10 Jul 20082 Comments
Yesterday’s climbdown by Rogers on 3G iPhone (in fact, quicly extended to all smart phones) data pricing was nothing short of spectacular. Since the weekend, I’ve watched as many of my colleagues in the Blogosphere have pushed a campaign of long term customer lobbying over the goal line. Clearly, in addition to influential bloggers, Apple is the industry titan that has been able to unclog an uncompetitive wireless market in Canada unlike any other company (or government) so far.
The story has been well covered, with a good selection of the chronology, below:
- Daniel Smith/Smithereens Blog: “Apple Flips Rogers a Bird A Week Before Canadian iPhone Launch? (Plausible Rumor)”
- Mark Evans: “Is the iPhone a PR Fiasco for Rogers” and “Who at Rogers Blew the iPhone”?
- Jim Courtney in Skype Journal: “Score One for the Blogosphere – Immense PR Turmoil – Rogers Caves”
- IT In Canada: “Did Rogers Try the Patience of Jobs?”
However, apart from the obvious power that an internet-engaged base of consumers now has over even the largest companies and apart from a major victory for grassroots campaigning, there is an even bigger lesson to be learned from this.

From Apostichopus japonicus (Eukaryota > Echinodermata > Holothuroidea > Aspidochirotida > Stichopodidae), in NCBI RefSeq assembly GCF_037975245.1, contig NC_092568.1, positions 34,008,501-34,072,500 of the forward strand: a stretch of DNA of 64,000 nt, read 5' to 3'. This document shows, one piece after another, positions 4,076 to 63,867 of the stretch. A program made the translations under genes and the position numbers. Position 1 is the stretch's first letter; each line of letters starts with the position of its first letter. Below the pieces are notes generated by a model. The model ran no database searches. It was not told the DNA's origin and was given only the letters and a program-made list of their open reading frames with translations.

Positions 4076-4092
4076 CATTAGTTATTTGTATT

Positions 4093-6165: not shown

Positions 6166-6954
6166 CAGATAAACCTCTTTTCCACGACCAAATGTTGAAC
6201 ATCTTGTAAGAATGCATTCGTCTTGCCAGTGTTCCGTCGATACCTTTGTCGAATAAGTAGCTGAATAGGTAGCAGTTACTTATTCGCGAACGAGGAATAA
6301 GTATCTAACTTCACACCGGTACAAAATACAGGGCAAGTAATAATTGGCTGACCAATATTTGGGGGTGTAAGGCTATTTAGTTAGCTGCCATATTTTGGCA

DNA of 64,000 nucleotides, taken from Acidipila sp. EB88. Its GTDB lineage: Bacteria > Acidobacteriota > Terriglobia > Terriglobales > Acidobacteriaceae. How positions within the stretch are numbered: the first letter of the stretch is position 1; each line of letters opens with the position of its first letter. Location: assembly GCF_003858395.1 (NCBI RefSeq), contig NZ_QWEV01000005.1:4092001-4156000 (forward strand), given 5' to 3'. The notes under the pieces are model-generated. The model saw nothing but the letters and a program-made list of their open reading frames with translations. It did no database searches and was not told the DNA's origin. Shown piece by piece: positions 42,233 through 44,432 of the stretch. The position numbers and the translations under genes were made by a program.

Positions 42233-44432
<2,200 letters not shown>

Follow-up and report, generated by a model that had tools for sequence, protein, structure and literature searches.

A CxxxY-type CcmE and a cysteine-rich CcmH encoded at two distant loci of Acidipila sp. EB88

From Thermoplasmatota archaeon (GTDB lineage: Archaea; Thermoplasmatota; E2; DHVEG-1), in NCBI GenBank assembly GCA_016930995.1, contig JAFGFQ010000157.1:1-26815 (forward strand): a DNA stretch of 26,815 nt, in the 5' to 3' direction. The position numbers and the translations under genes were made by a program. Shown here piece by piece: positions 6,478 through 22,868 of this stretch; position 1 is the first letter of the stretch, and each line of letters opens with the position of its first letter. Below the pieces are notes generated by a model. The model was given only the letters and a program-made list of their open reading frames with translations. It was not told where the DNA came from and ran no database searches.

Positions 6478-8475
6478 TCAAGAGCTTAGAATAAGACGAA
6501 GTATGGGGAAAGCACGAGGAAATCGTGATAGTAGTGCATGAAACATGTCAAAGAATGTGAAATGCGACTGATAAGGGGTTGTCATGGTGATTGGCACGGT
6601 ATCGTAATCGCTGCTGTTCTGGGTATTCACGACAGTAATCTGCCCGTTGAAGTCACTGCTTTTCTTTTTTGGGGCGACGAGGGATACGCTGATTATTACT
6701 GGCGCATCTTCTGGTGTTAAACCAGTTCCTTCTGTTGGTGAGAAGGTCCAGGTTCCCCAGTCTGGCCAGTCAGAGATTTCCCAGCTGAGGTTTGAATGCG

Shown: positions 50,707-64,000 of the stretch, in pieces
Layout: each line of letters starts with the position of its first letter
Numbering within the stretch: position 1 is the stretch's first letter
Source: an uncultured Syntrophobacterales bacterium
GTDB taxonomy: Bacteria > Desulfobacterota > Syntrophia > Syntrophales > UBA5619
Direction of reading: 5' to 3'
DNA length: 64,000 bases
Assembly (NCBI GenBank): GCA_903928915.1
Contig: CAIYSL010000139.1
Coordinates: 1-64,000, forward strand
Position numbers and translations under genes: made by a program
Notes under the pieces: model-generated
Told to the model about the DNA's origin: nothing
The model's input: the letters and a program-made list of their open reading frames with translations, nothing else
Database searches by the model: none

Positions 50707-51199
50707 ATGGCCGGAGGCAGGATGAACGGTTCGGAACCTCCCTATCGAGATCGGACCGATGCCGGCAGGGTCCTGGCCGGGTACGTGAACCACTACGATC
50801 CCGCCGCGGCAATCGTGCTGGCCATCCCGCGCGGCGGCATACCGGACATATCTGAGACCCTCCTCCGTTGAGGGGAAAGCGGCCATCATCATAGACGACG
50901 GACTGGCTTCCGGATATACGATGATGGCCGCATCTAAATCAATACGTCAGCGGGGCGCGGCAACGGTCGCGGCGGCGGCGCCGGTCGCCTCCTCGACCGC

In a blog post back in April “Early Adopters versus Business Models: Shooting Yourself in the Foot?”, I stressed that companies who fail to engage early adopters and keep them happy risk both sabotaging an emerging market, but also creating long term ill will that is almost impossible to reverse. My personal hypothesis is that that the ratio of the cost to reverse grassroots consumer dissatisfaction (bad will) to delivering a message when the company brand is seen as consumer friendly (good will), may well be as high as 1000 to 1.
While we must await the long term customer fallout from this major misstep and climbdown by Rogers, I suspect that Rogers has suffered a significant long term liability on its balance sheet.
Again, it is clear the companies ignore early adopters at their peril.